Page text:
The room in which this conversation took place was on the very topmost floor of the Hotel del Mondo in Rome. It was large and many-windowed, and though there was a little bed in one comer half hidden behind a calico screen, with a bureau and washing-stand, and a sort of stout mahogany hat tree on which Katy's dresses and jackets were hanging, the remaining space, with a sofa and easy chairs grouped round a fire, and a round table furnished with books and a lamp, was ample enough to make a good substitute for the private sitting room which Mrs Ashe had not been able to procure on account of the near approach of the carnival and the consequent crowding of strangers to Rome. In fact, she was assured that under the circumstances she was lucky in finding rooms as good as these, and she made the most of the assurance as a consolation for the somewhat unsatisfactory food and service at the hotel, and the four long flights of stairs which must be passed every time they needed to reach the dining room or the street door.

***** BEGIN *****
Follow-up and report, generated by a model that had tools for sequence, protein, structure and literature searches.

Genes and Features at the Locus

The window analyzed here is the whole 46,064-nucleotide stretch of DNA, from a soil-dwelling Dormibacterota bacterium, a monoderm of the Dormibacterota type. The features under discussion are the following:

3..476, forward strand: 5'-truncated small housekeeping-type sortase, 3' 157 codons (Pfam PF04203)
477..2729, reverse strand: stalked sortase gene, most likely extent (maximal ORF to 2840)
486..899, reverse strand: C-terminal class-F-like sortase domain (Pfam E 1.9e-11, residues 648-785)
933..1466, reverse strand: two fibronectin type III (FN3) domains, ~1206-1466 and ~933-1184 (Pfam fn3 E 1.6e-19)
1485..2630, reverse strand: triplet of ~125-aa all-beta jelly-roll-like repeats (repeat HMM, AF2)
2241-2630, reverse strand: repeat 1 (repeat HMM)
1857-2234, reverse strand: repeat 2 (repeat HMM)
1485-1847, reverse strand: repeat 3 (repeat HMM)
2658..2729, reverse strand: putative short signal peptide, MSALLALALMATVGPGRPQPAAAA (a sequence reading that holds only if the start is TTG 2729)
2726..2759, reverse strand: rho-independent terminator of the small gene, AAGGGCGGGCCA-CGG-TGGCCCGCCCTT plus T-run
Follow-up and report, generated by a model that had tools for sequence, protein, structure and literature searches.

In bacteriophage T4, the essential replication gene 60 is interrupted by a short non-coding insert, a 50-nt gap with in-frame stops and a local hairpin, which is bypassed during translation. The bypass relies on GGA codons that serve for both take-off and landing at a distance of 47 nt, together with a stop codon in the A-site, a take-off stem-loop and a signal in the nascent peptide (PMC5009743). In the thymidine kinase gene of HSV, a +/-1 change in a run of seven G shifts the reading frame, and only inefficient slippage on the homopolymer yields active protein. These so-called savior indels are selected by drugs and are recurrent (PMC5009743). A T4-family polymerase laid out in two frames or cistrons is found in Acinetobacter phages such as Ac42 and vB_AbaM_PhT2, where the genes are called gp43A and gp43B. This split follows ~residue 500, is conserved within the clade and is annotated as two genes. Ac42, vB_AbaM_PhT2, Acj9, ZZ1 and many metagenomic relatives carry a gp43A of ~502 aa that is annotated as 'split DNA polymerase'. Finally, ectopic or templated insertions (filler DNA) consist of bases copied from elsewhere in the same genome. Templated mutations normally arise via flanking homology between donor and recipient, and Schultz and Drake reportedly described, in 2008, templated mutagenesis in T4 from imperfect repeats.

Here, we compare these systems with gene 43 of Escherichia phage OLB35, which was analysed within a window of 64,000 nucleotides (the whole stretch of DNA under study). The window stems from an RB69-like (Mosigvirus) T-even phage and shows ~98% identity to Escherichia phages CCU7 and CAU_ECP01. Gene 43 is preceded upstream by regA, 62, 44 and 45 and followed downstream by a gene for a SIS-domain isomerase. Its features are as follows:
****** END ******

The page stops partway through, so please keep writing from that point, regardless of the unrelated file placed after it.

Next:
The party had been in Rome only four days, but already they had seen a host of interesting things. They had stood in the strange sunken space with its marble floor and broken columns, which is all that is left of the great Roman Forum. They had visited the Coliseum, at that period still overhung with ivy garlands and trailing greeneries, and not, as now, scraped clean and bare and `tidied' out of much of its picturesqueness. They had seen the Baths of Caracalla and the Temple of Janus and St Peter's and the Vatican marbles, and had driven out on the Campagna and to the Pamphili-Doria Villa to gather purple and red anemones, and to the English cemetery to see the grave of Keats. They had also peeped into certain shops, and attended a reception at the American minister's - in short, like most unwarned travellers, they had done about twice as much as prudence and experience would have permitted, had those worthies been consulted.